Too Close and Too Far

March 20th, 2020

There is nothing like spending a lot of time in close proximity with my loved ones to make me realize how dysfunctional I am. The members of our family get along well…for short periods of time. After a while, people tend to get on each other’s nerves, and it gets a little nuts. We aren’t used to the idea of being together for an indefinite amount of time. This is new.

Up until now we have lived together, but not necessarily spent that much time together. Karin would go out to her knitting groups. I would do volunteer work. The girl we love would go to meetings and therapy sessions, and then spend time at the gym. So, we would actually be in the same place for only brief periods. We had enough time to interact, but not enough time to piss each other off. When we did hang out, we often did in places away from home. We didn’t feel shut in. It all worked pretty well.

Well, that lifestyle is over for now. We have to be in the same house most of the time, and we have to deal with each other. Each of us has carved out some personal territory. Sometimes we do things together. Sometimes we act like we were all on different planets. It will take us some time to adjust to social distancing.

The flip side of the situation is that we are separated from friends, many of whom are nearby. We can’t go to the Hillside Coffee House and hang out with our buddies. We can’t go to daily Mass with people from our church. We can’t just get in the car, go some place, and spend time other humans. This sucks.

I am told that I can interact with all sorts of people online. This is true to a certain degree. I guess I am trying to do that right now. However, going on Facebook or writing a blog post is not at all the same as sitting across from a person and having a freewheeling conversation. There is more spontaneity involved in a face-to-face interaction with another person. There is more soul. There is more intimacy.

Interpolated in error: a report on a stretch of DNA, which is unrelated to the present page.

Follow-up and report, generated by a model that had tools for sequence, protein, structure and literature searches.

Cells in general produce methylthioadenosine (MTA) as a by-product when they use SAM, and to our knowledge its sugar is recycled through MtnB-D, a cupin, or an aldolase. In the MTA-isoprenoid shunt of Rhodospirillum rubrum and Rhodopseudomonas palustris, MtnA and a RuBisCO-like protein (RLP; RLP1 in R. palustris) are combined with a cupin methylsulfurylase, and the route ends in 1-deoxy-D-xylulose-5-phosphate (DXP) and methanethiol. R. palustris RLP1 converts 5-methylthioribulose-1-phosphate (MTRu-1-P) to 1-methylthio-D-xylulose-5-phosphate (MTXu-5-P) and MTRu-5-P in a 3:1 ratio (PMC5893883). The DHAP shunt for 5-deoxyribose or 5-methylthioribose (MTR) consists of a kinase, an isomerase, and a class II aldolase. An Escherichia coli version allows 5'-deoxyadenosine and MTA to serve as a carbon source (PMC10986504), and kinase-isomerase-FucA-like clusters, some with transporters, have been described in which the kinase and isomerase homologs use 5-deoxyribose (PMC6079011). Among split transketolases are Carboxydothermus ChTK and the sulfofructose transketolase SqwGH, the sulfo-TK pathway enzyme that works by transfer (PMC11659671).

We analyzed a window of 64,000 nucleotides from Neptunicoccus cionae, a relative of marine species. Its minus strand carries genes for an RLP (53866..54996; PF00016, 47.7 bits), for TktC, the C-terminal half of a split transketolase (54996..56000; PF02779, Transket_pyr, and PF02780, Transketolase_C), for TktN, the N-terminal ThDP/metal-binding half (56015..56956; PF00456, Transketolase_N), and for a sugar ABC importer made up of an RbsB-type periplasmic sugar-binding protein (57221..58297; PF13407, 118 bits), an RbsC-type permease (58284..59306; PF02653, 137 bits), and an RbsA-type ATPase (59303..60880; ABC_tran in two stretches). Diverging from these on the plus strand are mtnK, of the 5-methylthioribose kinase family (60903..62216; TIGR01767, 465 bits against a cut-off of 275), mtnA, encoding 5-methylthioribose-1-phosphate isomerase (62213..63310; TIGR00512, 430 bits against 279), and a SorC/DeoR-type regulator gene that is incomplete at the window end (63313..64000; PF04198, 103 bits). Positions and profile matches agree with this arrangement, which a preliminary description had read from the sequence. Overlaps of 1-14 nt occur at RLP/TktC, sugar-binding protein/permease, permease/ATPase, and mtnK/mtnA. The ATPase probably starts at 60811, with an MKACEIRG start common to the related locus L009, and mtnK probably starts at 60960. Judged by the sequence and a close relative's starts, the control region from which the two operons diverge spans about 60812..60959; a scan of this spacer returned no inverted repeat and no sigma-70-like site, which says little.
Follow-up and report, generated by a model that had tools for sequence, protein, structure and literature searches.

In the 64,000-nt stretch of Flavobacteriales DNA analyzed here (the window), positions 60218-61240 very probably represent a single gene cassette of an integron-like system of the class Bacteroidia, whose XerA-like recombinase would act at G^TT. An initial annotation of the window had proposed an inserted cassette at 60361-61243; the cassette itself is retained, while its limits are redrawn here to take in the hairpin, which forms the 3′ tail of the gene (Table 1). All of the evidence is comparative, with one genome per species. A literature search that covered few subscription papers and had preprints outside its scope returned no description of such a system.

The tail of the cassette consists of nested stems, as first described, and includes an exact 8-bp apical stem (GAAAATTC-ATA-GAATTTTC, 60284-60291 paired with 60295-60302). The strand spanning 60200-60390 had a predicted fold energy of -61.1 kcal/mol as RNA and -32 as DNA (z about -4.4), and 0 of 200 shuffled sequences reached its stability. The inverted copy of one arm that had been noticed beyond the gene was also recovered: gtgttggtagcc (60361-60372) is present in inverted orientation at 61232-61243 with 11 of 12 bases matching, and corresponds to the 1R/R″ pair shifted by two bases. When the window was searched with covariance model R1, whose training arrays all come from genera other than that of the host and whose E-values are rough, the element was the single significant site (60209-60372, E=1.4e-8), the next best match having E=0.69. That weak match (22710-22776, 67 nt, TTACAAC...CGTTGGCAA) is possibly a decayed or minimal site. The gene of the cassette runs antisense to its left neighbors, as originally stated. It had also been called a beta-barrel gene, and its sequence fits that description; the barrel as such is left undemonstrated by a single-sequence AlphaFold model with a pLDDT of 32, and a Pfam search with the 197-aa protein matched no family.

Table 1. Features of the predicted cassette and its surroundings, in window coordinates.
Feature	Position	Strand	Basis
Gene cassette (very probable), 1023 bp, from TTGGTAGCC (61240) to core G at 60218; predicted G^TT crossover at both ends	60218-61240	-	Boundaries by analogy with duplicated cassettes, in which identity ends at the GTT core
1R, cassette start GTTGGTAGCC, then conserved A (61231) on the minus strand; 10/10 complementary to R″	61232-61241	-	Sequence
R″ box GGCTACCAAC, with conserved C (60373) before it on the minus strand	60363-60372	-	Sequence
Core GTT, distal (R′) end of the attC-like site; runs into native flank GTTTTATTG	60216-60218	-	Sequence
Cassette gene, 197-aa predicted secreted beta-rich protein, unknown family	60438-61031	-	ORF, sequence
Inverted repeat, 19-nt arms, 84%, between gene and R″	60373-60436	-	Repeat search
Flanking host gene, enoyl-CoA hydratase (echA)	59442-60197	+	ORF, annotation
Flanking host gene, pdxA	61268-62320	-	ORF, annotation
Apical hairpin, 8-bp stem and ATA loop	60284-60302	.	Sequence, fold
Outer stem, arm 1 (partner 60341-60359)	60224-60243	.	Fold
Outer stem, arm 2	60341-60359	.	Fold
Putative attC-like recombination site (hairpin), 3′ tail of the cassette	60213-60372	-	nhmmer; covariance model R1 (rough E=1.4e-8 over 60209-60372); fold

Isaac Asimov wrote a book called The Naked Sun. It was a science fiction novel about a planet called Solaria. There were only 20,000 inhabitants of this planet, and none of them ever had any physical contact with anyone else. They viewed holograms of each other when they absolutely had to communicate. Asimov’s description of the population of Solaria was in a way prescient. He was explaining what it would be like to live in a world that took social distancing to its logical conclusion. The book was very disturbing to me. It still is.

We are not to the point where we totally keep away from other humans, but we are getting there. I remember, when I was still working, that there was a woman in the office who would rather send me an email than walk three steps from her cubicle to speak to me. How often do we text somebody rather than call them or visit them?

This coronavirus crisis encourages us to dig ourselves deeper in our individual cocoons.

When it’s all over, will we come out again?



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